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Optical physics

Optical physics

Sleepless nights at the synchrotron

11 Sep 2013

This film is about the experiences of the scientists who travel to the European Synchrotron Radiation Facility (ESRF) in Grenoble, France, to use its intense X-ray radiation for imaging experiments. For researchers, this experience can be both exhilarating and stressful, as they often face a race against the clock to get their results within the time that has been allocated to them. Scientists work long hours in beamline stations where synchrotron radiation is guided through experimental samples to illuminate and interact with the materials being studied.

In the film you will meet Rachael Hazael and Fabrizia Foglia – two researchers who are studying how life processes take place in the high-pressure environments at the bottom of oceans. On this particular trip to the ESRF, they are subjecting live bacteria to extreme pressures to gather data that can be analysed back at their home research institutions. Foglia and Hazael are gearing up for their experiments, which are scheduled to get under way the following day, and they seem to be intensely aware of the hard work that lies ahead.

“After three weeks of beamtime, you think ‘Where is my life outside of the beam?’,” asks Foglia. To which Hazael responds “There is no life outside of the beam!”

Looking inside the Earth

Another research group that features in the film is examining the geology of the Earth’s interior and how it responds to changing pressures. The group’s leader, Jean-Philippe Perillat, explains that he wants to get a better understanding of the chemical composition and structure of the Earth’s upper mantle, which is composed mainly of a mineral called olivine. Perillat and his colleague Isabelle Daniel demonstrate how a tiny sample of olivine is subjected to high pressures and temperatures in a device called a large-volume press.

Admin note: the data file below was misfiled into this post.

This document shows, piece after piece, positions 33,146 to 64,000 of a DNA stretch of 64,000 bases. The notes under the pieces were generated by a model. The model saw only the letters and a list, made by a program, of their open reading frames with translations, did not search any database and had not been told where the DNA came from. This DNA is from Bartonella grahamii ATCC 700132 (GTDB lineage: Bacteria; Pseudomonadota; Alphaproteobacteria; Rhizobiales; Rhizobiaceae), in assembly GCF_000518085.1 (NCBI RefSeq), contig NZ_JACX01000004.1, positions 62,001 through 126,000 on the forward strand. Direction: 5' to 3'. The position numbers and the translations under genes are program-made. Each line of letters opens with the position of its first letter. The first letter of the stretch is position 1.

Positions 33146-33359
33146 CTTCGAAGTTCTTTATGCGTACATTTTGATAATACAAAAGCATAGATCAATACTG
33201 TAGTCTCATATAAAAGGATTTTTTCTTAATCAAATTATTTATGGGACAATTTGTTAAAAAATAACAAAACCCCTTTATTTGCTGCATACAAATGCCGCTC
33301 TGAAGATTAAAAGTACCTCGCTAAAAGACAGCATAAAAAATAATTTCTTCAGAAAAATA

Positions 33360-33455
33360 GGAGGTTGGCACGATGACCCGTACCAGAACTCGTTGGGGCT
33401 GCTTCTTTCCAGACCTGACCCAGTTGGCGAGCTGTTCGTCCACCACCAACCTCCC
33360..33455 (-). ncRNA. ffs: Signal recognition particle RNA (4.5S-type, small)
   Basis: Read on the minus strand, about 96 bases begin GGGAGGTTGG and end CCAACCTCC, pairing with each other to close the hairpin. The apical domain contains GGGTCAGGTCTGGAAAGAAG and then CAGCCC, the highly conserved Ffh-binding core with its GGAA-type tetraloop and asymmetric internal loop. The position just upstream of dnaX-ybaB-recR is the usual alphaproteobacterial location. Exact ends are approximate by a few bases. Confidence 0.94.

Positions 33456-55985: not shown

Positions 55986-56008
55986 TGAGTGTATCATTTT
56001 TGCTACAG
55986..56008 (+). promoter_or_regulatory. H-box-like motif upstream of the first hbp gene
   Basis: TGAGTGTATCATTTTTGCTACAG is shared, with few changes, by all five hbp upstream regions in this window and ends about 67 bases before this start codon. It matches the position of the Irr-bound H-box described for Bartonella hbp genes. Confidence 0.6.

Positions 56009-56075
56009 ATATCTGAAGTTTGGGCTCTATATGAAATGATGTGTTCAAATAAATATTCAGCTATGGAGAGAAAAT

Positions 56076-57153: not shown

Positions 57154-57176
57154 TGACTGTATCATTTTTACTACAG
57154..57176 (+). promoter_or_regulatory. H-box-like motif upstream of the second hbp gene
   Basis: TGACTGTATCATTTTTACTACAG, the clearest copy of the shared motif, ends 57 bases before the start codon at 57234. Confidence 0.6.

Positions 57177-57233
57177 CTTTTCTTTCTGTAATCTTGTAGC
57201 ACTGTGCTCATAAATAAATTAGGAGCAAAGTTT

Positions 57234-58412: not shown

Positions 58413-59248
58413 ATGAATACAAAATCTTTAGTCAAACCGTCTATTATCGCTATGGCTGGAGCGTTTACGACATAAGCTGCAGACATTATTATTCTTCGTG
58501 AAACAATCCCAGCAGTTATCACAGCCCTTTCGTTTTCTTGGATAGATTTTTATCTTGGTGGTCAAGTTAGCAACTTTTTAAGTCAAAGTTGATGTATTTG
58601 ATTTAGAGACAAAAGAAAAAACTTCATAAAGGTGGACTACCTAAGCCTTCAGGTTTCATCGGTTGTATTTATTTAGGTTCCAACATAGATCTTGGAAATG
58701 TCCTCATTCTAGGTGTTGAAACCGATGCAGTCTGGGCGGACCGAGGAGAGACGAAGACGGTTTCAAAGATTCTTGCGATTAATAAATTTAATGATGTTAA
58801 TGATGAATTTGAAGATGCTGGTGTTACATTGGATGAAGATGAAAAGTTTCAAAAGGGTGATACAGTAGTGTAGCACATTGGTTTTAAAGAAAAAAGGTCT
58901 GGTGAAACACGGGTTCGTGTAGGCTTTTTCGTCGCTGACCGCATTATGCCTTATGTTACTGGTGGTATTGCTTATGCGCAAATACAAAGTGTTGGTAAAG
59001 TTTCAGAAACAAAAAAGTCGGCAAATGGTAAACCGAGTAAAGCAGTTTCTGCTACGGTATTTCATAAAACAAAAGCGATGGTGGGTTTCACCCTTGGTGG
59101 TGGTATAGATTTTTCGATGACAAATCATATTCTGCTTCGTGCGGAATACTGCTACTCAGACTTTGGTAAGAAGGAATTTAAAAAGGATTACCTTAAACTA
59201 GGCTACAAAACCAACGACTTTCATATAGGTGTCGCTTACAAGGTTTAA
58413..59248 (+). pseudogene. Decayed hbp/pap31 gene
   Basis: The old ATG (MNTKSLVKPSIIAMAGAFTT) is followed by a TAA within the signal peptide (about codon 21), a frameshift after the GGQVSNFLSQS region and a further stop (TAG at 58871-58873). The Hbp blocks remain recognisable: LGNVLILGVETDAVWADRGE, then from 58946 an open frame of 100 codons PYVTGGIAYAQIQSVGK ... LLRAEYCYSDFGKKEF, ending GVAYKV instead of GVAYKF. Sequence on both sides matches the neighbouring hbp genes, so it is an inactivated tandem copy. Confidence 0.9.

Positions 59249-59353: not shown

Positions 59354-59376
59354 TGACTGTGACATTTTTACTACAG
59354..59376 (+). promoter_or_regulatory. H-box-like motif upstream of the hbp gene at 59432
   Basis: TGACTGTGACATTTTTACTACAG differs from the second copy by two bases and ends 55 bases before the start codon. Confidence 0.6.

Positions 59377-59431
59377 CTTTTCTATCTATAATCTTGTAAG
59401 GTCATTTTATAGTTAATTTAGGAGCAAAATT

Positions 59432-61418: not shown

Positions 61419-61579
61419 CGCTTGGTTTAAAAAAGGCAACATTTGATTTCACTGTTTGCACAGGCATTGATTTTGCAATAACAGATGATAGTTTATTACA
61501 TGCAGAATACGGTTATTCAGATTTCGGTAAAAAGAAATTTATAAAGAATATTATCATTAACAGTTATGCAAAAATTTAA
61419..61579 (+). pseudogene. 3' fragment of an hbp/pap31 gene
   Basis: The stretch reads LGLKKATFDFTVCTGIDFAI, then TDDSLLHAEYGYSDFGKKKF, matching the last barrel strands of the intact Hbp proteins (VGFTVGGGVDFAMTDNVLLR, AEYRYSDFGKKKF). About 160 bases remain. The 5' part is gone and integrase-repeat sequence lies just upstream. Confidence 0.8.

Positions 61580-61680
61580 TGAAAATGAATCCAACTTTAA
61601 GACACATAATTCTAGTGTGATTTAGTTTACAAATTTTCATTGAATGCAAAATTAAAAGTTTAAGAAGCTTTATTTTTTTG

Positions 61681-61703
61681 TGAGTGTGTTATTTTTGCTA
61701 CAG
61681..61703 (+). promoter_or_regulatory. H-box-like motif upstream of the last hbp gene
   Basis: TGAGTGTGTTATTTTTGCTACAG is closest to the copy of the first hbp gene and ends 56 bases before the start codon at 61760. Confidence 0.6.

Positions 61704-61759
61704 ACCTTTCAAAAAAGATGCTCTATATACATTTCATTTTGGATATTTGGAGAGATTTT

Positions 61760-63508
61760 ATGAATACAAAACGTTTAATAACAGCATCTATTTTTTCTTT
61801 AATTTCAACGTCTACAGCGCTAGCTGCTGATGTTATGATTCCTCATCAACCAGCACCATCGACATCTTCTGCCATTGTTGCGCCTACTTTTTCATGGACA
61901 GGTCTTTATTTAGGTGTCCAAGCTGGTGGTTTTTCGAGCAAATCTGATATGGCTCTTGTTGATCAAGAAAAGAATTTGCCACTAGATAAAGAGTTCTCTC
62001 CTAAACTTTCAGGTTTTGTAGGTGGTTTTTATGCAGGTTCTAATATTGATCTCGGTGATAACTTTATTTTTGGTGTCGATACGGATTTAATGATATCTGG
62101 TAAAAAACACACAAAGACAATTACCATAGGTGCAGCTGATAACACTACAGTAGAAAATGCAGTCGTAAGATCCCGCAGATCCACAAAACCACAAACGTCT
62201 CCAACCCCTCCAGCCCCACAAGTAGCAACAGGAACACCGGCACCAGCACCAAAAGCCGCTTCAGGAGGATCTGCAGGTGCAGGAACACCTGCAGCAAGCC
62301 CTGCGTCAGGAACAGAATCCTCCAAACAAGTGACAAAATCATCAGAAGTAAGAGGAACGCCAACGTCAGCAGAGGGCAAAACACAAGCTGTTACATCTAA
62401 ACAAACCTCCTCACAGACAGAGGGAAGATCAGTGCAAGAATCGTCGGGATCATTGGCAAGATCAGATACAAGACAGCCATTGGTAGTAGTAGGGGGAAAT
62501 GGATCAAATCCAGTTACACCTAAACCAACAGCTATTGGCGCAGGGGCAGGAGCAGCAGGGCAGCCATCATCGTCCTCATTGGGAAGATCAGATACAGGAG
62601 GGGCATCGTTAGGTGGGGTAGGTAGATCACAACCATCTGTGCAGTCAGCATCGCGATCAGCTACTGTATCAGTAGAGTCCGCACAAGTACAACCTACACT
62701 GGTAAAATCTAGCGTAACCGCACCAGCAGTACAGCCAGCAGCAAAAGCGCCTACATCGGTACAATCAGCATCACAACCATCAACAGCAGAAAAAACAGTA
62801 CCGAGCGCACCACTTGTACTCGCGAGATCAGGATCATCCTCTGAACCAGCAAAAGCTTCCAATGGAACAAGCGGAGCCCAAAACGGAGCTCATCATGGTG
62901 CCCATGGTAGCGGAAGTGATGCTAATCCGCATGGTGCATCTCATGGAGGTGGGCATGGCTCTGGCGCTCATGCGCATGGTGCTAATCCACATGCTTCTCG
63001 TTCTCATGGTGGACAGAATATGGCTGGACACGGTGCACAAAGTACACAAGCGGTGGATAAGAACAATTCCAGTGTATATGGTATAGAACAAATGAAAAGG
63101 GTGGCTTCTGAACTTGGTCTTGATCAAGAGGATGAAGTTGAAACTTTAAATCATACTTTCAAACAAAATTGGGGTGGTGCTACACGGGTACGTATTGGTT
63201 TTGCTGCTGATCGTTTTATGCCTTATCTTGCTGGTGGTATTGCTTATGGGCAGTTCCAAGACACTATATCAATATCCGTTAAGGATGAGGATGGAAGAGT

“Life at the synchrotron is a bit exhausting because we work overnight to optimize the amount of beam time we have,” says Perillat. But it seems to be worth the effort, because on this particular trip the group appears to have achieved the outcome it had hoped for. “We got really interesting results just last night,” says Perillat. The reason that the scientists are so pleased to get good data is that there is stiff competition to gain access to time at the ESRF beamlines, which makes a trip to the facility an intense experience.

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